|Reviews & Columns|
TV on DVD
Reviews by Studio
Collector Series DVDs
Easter Egg Database
DVD Talk Radio
The M.O.D. Squad
DVD Talk Forum
DVD Price Search|
Customer Service #'s
Unfortunately Sinan Akkus and Anno Saul's Kebab Connection (2005) might very well be one of the biggest flops I saw this year as I could hardly endure its ninety minutes of poor humor and tasteless action. The only thing that kept me from fast-forwarding this bourek was the fact that top German-Turkish director Fatih Akin (Gegen Die Wand a.k.a Head-On) kindly agreed to contribute to the script.
The story of Kebab Connection follows a young ethnic Turk (Denis Moschitto) living in Germany who dreams of shooting the first German kung-fu picture. Penniless Ibo convinces his uncle to lend him a small amount of euros to shoot a commercial that will promote the family's restaurant business. Instead of a commercial however what Ibo directs is a short kung-fu story which somehow manages to promote a big piece of tasty kebab (hence the title of the film). The uncle is upset, the local youngsters are impressed, and so is a small time independent producer.
In the meantime Ibo is told by his girlfriend that he is soon going to be a father. The news causes some serious disturbance amongst the boy's religious parents and he is officially disowned by his father. The reason: a Turk must marry a Turkish girl, not one of them Germans.
It isn't difficult to tell why Kebab Connection fails to impress! Tiptoeing between been a smart comedy with a spicy ethnic twist and a serious drama tackling some difficult for Germany issues this ambitious, at least on paper, project hardly gets anything right! The humor is full of overused clichés, the acting is far too static, the "serious" themes just plain ineffective. And what should have been the core of Kebab Connection, the hilarious kung-fu action, occupies no more than ten percent of the story.
Indeed, there is something cheesy here that even those with plenty of tolerance for second-grade filmmaking will have a difficult time swallowing. While watching Kebab Connection I could not stop thinking how close some of its parts come to its much more successful Swedish neighbor Jalla! Jalla! (2000). Certainly the ethnic element was there and so were a few of the mandatory jokes.
However just as the beef Ibo's family sells is second grade so is the final result in Kebab Connection. As ironic as it may sound the only entertainment I found here came from what admittedly this story should have glorified: the kung-fu action. Sadly the German producers opted to use it as pretext for what I assume they thought would be an edgy comedy with a twist. Kebab Connection is anything but that!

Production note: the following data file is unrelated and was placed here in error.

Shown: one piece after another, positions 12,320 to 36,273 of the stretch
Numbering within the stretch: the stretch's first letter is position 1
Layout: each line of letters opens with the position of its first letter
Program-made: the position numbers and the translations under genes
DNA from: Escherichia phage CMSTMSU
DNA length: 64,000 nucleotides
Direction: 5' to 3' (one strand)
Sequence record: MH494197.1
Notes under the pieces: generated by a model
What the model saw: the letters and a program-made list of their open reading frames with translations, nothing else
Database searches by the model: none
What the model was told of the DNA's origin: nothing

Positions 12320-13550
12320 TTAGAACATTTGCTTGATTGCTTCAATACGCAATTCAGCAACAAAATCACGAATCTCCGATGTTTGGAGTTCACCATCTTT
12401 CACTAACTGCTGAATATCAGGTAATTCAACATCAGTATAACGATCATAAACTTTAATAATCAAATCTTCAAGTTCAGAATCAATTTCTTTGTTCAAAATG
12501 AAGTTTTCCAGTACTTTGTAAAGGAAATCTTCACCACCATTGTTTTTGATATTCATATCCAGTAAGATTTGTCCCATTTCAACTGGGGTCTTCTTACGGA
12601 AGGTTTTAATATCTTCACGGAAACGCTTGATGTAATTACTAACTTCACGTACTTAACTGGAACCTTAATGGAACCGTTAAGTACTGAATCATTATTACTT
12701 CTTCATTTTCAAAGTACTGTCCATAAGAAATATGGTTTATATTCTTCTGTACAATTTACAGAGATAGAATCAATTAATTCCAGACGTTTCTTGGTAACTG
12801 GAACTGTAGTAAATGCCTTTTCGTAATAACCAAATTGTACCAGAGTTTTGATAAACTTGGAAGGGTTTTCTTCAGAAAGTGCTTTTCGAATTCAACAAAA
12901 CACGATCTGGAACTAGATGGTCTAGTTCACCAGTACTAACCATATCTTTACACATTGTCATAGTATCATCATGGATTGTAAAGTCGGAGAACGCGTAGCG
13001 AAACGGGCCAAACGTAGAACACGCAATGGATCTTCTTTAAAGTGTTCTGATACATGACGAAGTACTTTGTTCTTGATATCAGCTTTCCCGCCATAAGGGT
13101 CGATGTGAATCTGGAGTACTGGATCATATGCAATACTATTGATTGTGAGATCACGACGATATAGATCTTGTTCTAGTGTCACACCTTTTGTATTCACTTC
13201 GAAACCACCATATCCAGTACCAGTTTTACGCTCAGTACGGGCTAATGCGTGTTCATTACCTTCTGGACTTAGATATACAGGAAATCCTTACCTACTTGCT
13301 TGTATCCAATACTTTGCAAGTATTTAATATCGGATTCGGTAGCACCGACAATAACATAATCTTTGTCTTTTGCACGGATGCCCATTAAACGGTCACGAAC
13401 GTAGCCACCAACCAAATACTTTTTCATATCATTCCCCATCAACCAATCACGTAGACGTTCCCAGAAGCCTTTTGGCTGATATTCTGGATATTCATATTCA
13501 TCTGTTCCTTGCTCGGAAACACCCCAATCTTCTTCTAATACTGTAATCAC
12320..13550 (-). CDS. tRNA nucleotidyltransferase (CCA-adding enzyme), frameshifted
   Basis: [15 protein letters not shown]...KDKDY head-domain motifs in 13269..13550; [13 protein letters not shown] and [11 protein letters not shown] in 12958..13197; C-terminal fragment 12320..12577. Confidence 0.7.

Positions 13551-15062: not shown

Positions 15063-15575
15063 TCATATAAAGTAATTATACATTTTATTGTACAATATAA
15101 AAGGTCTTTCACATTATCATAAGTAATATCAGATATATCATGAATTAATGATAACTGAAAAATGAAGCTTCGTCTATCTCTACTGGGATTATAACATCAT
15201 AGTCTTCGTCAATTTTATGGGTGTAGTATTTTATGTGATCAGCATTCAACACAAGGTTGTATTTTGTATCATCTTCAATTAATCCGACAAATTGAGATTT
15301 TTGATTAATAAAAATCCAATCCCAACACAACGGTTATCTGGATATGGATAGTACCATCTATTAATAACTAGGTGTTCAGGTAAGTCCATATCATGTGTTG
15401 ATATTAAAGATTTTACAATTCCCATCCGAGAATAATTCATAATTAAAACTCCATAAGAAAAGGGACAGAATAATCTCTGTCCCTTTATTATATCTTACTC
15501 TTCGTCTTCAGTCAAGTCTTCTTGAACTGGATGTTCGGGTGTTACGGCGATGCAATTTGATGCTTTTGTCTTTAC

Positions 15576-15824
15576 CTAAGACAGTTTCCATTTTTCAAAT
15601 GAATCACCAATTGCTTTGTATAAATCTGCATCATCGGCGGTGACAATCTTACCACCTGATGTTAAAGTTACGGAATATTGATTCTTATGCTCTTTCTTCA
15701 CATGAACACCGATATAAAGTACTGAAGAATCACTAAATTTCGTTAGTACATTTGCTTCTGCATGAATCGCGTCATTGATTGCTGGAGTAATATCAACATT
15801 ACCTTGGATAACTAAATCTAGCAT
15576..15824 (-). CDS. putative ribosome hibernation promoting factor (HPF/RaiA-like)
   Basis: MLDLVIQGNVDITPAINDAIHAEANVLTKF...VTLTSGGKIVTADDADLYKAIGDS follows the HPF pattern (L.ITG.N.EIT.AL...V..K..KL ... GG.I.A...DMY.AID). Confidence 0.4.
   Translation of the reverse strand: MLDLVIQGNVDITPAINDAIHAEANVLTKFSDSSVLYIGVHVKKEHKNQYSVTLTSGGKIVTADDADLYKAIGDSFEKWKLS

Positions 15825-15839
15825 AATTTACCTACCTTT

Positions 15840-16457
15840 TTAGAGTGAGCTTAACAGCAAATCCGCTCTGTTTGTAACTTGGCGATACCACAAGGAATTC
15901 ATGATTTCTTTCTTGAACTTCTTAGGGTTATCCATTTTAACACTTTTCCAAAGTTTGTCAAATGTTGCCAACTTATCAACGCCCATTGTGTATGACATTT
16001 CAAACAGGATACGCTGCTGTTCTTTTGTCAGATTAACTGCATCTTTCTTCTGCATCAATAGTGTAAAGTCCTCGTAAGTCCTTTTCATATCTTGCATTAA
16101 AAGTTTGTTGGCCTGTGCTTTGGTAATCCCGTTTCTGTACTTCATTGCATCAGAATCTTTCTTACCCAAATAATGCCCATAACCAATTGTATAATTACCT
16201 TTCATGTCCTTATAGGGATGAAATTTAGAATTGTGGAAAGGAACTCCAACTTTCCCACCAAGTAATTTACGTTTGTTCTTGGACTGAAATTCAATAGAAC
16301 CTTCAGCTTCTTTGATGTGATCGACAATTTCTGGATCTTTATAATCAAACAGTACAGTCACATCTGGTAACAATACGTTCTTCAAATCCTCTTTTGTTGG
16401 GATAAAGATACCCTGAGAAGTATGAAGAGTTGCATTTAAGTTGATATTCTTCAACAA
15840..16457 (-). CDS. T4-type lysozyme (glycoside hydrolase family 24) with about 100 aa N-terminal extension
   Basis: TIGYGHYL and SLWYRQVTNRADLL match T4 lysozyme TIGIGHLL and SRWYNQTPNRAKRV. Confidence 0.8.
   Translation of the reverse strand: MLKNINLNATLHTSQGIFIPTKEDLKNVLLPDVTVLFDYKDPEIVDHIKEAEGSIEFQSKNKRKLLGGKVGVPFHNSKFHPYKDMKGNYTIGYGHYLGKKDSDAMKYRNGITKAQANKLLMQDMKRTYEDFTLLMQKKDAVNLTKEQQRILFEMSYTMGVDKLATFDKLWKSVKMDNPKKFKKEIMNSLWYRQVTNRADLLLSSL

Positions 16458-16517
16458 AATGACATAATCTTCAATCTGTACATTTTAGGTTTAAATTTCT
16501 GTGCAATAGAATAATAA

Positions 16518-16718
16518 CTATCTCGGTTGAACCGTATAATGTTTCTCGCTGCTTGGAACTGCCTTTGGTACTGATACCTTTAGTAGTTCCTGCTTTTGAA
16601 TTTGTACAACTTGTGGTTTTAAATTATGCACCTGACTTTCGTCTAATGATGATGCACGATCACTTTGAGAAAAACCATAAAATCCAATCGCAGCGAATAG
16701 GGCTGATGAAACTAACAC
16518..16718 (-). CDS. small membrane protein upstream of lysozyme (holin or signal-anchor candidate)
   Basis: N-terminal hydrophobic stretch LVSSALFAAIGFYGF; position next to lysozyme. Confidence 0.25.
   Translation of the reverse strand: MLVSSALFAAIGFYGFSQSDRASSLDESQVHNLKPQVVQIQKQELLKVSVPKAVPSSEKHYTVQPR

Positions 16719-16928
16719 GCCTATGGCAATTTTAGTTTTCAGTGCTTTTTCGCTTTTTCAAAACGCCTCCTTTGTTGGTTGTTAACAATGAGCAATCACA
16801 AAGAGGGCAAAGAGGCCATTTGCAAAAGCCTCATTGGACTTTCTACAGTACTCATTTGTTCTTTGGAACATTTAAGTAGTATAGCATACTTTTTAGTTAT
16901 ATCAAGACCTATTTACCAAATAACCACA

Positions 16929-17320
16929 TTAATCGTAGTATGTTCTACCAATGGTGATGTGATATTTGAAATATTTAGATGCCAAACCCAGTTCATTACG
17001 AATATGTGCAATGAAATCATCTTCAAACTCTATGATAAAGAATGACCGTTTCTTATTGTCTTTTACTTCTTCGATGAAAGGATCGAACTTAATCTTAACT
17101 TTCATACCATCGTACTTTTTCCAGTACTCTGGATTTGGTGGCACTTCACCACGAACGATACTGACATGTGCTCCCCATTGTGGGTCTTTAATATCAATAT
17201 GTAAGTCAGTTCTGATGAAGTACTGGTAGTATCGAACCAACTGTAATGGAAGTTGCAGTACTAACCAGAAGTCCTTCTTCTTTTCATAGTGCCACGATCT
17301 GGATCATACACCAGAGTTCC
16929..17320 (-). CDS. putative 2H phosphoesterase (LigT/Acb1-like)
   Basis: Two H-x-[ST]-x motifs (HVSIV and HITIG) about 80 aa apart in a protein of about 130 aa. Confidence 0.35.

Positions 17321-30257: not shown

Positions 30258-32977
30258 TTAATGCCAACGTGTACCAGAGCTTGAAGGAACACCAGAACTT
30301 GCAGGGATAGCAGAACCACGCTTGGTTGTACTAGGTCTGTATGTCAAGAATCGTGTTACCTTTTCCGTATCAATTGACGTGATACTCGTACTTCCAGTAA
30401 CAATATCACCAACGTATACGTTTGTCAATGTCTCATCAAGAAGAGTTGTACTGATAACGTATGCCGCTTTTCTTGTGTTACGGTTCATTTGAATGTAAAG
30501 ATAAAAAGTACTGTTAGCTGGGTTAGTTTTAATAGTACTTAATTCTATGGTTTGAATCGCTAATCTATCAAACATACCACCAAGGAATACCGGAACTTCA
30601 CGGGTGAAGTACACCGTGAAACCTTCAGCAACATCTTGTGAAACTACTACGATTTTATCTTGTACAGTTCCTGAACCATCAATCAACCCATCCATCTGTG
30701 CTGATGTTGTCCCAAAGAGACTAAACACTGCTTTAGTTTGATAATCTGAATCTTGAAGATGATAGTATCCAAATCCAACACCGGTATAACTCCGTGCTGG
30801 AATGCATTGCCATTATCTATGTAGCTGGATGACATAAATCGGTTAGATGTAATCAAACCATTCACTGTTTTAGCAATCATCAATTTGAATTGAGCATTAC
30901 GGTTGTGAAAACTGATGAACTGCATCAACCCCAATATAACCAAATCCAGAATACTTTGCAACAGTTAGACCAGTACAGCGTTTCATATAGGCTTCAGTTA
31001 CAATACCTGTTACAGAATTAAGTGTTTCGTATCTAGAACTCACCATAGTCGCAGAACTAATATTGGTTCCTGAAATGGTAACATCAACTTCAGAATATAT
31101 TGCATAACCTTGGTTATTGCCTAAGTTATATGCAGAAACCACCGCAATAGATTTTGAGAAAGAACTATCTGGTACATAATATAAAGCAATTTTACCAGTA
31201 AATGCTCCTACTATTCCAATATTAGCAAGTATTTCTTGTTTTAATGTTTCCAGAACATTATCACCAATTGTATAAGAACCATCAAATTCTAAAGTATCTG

How Does the DVD Look?
This DVD release appears to be nothing more than a quickly put-together package meant to generate a few extra dollars. Presented in its original aspect ratio of 1.85:1 but strangely enough left without anamorphic enhancement Kebab Connection has most certainly been sourced from a PAL-master (a good bet would be the German disc). The picture quality is mostly well-above average as contrast is strong and colors are lush but the overall "feel" is indeed very, very rough. The lack of that smooth look which anamorphic enhancement provides is indeed obvious. With this said, there isn't any print damage here so perhaps if you are dying to see the film you could endure its ninety minutes of tasteless action on a regular tube. As far as I am concerned you should simply spend your time on something better-produced and at least slightly more engaging.
How Does the DVD Sound?
The only track provided here is a basic German 2.0 mix with optional English subtitles. It serves the film rather well (even though a more elaborate track is available on the German release) and the English translation is without any notable gaffes. The actual audio quality is acceptable as music and dialog are well separated (dialog is very easy to follow) and I did not detect any issues of concern (drop-outs/hissing).
I must be lacking a sense of humor as I have no idea why anyone as talented as Fatih Akin would get involved with such a "funny" turkey. Poor script, a pile of (ridiculous) clichés, and a disc presentation that leaves plenty to be desired should keep you away from Kebab Connection. Spend your time on something better and more meaningful!!